Cremation, a practice forbidden in Islam is practiced in many parts of the world and in many religions. In Hinduism, cremation is the primary mode of body disposal. Taken from the belief that the soul could not enter a new body until its former one had totally disappeared, cremation is considered the fastest way to expeditiously dispose of the body. Antyesti funeral rites are important sacraments in Hindu society. While extensive texts of such rites are available there is wide inconsistency in theory and practice, and procedures differ depending upon the location, caste, social group, and the status of the deceased person.
In Sikhism the preferred method of disposal is cremation, and the ashes are taken to be submerged in the nearest river. In Japan it is estimated that 99.81% of all deceased persons are cremated, the majority of them after a Buddhist ceremony. However before the 20th century most bodies in Japan were buried and cremation was limited to the wealthy.
In a Buddhist funeral a wake is performed before the burial, this involves a special prayers and giving of condolence money by the guests who are in turn given departure gifts based on the value of their condolence contribution. After cremation the guests return to pick the bones of the deceased out of the ashes with chopsticks, transferring them to urn feet first. In some cases, the ashes of the deceased will be divided between more than one urn for transporting to different locations and depending upon the local custom, the urn may stay at home of the deceased for a specific number of days before being transported, to the grave site.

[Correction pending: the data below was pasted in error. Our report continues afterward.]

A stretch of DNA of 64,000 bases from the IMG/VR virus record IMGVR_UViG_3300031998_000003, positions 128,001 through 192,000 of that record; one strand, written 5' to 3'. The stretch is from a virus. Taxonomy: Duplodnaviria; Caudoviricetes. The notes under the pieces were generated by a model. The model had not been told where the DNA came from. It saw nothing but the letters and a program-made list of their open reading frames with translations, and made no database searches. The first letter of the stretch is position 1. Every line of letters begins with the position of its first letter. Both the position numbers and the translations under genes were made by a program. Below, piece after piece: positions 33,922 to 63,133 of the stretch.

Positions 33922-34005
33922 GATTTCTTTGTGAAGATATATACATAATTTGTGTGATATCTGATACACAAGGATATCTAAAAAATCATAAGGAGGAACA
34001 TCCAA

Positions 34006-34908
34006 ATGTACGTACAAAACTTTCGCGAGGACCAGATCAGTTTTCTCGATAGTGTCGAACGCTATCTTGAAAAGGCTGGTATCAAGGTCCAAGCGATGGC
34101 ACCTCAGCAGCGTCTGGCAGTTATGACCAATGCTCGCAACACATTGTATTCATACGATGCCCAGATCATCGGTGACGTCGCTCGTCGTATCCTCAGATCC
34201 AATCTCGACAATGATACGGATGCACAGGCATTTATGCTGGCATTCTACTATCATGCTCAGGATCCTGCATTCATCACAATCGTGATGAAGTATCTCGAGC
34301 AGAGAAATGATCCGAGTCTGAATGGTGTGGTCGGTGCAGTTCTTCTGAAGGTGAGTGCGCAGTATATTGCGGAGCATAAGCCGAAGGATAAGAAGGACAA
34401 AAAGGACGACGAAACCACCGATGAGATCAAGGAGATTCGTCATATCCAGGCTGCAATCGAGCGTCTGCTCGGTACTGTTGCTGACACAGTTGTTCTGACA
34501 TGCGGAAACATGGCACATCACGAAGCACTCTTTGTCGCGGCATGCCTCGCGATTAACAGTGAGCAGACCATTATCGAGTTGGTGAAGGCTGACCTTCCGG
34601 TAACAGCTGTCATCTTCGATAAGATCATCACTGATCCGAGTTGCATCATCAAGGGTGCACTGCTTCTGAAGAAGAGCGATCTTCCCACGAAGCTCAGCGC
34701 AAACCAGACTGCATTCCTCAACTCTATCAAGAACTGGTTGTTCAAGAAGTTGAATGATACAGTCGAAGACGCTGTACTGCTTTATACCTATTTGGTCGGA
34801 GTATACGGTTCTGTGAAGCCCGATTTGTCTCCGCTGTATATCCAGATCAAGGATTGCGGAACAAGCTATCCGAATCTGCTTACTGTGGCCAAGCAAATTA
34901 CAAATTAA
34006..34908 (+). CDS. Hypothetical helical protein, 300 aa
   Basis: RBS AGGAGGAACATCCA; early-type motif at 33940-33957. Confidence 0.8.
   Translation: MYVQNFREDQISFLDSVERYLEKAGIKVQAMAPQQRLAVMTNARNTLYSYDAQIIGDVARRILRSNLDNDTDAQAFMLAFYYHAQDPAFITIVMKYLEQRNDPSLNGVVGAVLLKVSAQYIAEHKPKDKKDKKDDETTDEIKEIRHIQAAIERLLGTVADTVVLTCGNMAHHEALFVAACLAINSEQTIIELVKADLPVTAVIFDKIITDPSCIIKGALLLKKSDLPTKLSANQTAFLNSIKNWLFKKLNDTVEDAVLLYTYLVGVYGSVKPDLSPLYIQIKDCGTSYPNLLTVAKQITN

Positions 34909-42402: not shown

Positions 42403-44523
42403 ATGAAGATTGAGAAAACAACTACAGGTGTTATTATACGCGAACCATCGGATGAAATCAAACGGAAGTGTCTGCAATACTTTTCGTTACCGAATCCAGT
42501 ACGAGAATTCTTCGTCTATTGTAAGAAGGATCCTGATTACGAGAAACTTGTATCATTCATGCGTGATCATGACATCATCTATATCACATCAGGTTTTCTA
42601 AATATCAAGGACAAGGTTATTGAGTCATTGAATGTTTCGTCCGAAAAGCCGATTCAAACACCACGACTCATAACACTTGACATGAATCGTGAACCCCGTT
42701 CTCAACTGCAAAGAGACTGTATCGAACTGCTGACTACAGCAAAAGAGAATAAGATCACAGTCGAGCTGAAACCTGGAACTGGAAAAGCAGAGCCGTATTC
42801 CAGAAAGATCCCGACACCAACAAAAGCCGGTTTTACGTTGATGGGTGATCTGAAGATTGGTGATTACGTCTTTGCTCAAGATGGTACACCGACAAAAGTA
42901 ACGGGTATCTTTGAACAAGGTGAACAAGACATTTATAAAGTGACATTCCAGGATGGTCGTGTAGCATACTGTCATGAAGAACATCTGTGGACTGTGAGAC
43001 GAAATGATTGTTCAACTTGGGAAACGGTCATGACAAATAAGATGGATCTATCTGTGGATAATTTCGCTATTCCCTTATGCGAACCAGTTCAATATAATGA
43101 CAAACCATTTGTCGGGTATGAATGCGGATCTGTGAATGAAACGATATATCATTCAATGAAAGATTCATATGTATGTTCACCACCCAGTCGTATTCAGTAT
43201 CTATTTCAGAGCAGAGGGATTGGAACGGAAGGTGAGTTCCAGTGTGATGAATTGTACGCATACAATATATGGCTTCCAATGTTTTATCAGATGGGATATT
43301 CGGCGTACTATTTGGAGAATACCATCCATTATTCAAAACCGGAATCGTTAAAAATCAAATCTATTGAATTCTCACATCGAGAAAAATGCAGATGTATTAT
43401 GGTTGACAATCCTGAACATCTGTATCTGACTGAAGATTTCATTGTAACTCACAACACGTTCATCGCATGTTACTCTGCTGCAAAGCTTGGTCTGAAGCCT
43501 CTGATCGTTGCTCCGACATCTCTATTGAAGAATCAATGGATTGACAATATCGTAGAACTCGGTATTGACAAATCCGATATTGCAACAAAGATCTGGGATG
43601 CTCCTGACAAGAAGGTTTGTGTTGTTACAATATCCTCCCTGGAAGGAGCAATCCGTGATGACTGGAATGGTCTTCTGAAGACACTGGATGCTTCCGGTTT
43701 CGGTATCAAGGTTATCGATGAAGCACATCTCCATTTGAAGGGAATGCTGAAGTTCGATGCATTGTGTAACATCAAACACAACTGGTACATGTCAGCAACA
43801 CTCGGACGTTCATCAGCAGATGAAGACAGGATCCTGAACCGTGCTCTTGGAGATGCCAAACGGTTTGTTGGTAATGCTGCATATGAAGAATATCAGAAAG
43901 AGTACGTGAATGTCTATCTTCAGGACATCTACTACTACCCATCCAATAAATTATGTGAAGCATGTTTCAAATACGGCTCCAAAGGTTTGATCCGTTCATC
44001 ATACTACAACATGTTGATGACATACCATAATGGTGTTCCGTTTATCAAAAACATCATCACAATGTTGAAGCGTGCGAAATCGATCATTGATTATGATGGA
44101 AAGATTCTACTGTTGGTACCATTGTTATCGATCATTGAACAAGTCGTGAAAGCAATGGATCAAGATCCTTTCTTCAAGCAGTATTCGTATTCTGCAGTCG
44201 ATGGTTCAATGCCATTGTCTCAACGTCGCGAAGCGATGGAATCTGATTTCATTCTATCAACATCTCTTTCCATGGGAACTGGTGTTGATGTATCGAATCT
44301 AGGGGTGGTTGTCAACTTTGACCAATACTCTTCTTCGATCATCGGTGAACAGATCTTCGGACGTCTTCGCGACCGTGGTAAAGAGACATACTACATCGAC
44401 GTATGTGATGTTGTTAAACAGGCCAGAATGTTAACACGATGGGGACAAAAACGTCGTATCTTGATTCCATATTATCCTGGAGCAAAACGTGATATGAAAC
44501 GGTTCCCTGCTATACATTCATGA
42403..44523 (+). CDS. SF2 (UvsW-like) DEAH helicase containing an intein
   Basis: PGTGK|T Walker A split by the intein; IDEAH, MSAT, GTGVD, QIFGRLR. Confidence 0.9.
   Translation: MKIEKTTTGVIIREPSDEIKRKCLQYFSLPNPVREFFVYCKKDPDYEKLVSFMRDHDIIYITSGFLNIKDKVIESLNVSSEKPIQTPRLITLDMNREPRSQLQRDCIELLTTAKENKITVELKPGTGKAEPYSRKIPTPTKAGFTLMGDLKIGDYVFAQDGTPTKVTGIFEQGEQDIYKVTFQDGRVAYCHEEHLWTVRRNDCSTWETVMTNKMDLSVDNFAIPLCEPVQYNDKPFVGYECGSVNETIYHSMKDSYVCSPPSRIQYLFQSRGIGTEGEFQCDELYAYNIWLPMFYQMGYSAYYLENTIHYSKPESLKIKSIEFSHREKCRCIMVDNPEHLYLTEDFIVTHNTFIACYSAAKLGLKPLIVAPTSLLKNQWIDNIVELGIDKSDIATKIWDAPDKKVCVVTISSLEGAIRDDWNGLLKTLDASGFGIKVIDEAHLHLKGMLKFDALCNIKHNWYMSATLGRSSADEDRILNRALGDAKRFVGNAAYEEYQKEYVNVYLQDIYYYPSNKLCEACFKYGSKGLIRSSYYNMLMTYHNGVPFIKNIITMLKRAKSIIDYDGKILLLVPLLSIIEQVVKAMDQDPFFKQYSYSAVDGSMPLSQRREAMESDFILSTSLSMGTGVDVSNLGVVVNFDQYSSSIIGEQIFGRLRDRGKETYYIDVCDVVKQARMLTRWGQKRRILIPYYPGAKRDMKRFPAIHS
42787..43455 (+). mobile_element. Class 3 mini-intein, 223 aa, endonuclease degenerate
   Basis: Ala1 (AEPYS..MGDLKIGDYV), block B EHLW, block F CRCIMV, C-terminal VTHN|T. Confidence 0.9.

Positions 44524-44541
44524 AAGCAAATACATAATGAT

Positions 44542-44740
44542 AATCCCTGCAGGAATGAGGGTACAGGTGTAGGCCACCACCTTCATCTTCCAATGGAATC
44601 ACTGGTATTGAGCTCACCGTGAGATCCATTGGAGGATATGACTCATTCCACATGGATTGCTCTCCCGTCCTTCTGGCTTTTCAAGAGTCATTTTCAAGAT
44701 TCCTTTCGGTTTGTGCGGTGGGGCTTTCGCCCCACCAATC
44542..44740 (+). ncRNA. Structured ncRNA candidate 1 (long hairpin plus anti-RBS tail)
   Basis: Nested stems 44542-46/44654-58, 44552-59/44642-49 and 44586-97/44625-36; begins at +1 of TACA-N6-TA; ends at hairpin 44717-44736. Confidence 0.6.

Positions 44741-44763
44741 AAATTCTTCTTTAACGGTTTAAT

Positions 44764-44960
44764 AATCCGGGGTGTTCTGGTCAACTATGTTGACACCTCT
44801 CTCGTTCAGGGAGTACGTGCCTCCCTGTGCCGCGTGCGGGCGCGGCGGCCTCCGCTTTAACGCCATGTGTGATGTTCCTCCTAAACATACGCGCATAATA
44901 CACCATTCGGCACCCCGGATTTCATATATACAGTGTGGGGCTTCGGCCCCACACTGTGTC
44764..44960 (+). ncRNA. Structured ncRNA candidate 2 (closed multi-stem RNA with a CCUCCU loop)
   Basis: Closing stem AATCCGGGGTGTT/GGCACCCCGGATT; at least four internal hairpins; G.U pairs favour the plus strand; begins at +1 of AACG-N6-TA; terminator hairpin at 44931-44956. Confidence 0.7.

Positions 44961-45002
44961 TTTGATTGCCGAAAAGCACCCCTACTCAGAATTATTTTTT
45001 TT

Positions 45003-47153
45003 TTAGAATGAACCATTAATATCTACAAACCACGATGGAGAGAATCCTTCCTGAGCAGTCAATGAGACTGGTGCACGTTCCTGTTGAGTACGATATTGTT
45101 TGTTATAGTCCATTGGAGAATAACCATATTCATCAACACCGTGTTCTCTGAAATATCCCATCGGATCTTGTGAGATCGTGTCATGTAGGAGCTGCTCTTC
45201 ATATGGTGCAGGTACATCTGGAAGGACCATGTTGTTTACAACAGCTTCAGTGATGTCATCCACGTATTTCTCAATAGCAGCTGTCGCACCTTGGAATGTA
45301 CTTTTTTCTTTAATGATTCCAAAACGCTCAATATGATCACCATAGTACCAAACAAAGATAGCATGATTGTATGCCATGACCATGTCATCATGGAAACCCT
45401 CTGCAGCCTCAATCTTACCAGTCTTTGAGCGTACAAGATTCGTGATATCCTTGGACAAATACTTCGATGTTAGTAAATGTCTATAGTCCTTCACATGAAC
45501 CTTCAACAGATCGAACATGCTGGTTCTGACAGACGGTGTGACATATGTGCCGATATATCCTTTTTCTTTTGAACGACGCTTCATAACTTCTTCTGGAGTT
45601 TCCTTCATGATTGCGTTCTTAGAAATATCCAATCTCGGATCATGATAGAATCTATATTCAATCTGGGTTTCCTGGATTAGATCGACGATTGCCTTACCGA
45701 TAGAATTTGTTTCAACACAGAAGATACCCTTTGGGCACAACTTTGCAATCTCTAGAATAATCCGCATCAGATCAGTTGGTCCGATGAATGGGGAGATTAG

Some African funeral ceremonies are purely animist, and without any set ritual. Often the females of the deceased wail loudly and sometimes work themselves into a frenzy heightened by the use of alcohol. The funeral service may last as long as a week.
Chinese funerals and burial customs are determined by the age of the deceased, the cause of death, the marital status and the deceased's status and position in society. Improper arrangements are believed to bring ill fortune and disaster on the family of the deceased. A Chinese Buddhist funeral ceremony traditionally last 49 days but if finances are an issue, this period may be shortened to 3 days. It is customary for the daughters of the deceased to pay for the funeral expenses.
The Zoroastrian religion strictly prohibits burying dead bodies in the ground, cremation and disposal in waterways of any kind. In accordance with religious injunctions, Towers of Silence (circular raised structures for the exposure of the dead) are built with a view that they may last for centuries without the possibility of decaying bodies polluting the earth or contaminating any living beings. The deceased is carried to the Tower of Silence on an iron bier by official corpse-bearers and is followed in procession by the mourners, dressed in white flowing robes, walking behind in pairs and joined hand in hand by holding a white handkerchief.
Once at the tower the body must be exposed and left without clothes so that birds of prey are able to completely devour the body. As a post script, now days in large cities such as Mumbai, there are serious concerns about the sanitary conditions at Towers of Silence due to the fact that birds of prey no longer exist in numbers great enough to dispose of the number of bodies left to decay.
Death is a very painful and emotional time both for the dying and the loved ones left behind. The simplicity of Islam’s rites and rituals fill the believers with hope. Hope of life everlasting surrounded by their loved ones and hope in God’s forgiveness, mercy and justice.